Posts Tagged ‘Knob Knoster State Park’

Going out a second time to Knob Knoster turned out to be productive once again. I went out yesterday morning and snagged this HDR image of the sunrise. I love taking photos of the sun shining through the tree tops. Something about the emotions it can evoke always has interested me. I was going to go out this morning but the weather was less than pleasing. I don’t mind cold and I don’t mind snow but when it is cold and there is no snow as well as no interesting sky, I seem to value sleep more. So I sip my Espresso blend coffee and enjoy the climate controlled environment.

Check out my new page I added last night. Click here to see what gear I use. Also, you should see my latest photos on flickr. I apologize, but many of the images are also seen here on naturallycomposed. This is done so that when you click on the image, you are sent in a separate window to flickr. If you experience any problems on my site, please notify me so I can fix them. Have a good day.


Knob Knoster Day 2

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This morning I traveled the short distance to Knob Knoster State Park. I was fortunate enough to have beautiful clouds and lighting. Instead of writing in past tense about my expedition this morning, I will share excerpts from my journal. I hope you like it.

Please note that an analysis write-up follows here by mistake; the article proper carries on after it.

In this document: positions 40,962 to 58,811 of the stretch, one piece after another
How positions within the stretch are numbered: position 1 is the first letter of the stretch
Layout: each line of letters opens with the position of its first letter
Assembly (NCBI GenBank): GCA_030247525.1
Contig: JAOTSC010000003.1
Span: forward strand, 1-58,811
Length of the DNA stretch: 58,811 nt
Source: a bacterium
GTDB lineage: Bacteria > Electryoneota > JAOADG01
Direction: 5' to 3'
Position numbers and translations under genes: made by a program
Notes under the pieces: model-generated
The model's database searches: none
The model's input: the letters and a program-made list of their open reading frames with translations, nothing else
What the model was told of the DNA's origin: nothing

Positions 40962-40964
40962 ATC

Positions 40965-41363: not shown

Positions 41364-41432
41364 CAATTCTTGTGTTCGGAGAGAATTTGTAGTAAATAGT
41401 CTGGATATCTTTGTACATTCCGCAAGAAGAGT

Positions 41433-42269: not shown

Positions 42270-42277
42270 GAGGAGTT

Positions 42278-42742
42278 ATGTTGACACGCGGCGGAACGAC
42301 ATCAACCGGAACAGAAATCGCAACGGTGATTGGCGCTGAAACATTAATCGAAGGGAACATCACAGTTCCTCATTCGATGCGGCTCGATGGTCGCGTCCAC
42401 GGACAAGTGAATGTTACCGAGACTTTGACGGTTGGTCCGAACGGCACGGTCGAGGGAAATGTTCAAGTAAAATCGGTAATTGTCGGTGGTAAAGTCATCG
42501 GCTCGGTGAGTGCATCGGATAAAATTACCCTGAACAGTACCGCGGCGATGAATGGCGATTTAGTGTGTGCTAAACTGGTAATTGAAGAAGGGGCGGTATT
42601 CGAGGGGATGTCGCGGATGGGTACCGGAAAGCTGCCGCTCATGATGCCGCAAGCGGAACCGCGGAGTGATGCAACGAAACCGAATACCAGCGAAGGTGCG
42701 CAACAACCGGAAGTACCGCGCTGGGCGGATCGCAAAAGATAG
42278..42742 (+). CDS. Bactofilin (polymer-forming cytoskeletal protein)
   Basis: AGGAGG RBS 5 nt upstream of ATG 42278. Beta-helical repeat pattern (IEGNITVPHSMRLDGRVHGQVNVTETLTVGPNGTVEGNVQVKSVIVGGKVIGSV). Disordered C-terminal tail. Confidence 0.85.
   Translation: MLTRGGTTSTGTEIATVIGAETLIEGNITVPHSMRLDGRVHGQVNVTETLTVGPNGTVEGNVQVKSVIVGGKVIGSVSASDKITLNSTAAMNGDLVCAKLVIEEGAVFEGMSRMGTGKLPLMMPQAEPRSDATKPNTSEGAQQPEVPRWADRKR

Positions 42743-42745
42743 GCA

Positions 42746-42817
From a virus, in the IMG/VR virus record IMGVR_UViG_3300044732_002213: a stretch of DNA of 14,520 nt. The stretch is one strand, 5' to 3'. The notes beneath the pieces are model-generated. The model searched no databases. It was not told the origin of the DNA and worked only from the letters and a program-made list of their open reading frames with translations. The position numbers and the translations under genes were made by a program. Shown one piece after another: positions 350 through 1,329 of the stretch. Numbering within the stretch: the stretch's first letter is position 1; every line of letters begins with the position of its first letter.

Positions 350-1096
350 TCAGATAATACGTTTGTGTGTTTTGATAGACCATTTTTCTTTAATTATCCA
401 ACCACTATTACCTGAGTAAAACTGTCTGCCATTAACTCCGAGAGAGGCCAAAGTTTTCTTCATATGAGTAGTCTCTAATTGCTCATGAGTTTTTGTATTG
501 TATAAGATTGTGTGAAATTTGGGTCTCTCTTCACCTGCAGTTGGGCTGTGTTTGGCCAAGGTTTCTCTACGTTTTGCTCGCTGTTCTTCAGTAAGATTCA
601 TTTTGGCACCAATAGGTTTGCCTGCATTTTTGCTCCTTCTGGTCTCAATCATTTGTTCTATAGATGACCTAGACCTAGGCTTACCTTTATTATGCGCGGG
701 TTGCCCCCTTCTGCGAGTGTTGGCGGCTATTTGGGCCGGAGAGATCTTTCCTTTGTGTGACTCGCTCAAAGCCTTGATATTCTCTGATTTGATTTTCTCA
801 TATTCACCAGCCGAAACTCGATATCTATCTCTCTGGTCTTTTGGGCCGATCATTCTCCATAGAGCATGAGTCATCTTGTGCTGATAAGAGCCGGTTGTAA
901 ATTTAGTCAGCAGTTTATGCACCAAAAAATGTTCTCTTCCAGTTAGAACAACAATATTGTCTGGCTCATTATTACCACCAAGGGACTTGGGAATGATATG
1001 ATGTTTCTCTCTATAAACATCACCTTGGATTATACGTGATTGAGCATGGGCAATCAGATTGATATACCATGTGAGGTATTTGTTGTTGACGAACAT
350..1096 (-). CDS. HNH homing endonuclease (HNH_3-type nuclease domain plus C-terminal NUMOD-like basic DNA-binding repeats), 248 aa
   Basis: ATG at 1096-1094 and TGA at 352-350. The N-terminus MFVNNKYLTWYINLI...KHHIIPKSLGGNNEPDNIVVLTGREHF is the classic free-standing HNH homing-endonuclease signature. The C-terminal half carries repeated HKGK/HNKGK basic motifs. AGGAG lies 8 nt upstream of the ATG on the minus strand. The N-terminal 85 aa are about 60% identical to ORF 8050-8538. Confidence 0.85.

“…Beautiful. I think to take a picture, even though it won’t compare. How can it? The viewer won’t feel the slipping ice or the wind down their back. They wont see the leaves frozen in time. Why do I try then?…”

The Lounge Chair

          “…The wind hits my journal and passes on to the shuttering leaves. Glowing like ambers of a fire, the leaves vacillate on their branches. The air is brisk and cool. Each gust cools my fingers ever so slightly. I sit at the base of a tree I dubbed “The Lounge Chair…”

To My Left

          “…To my left is the lake. I watch as dozens of dried and frozen leaves slide their way along the ice….It seems I am perched on a peninsula that contains the right formula of earthly elements to create a vast area of moss. Even in the dead of winter, the moss contains pigments of green. I pause a moment to capture an image…”

Opening My Eyes

          “…I don’t want to go. I don’t want the trees to think I am not loyal. I love them, I really do. I will stay a little longer. I close my eyes and ease my head back against the tree. It has been a magnificent morning I cannot forget. I will not let myself forget…”



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Tonight I began a new road in my photography. It involves software and implementing heavy post processing to my images. This may turn some off to the photos immediately, but to others that view with unbiased eyes; they will love the images and embrace them.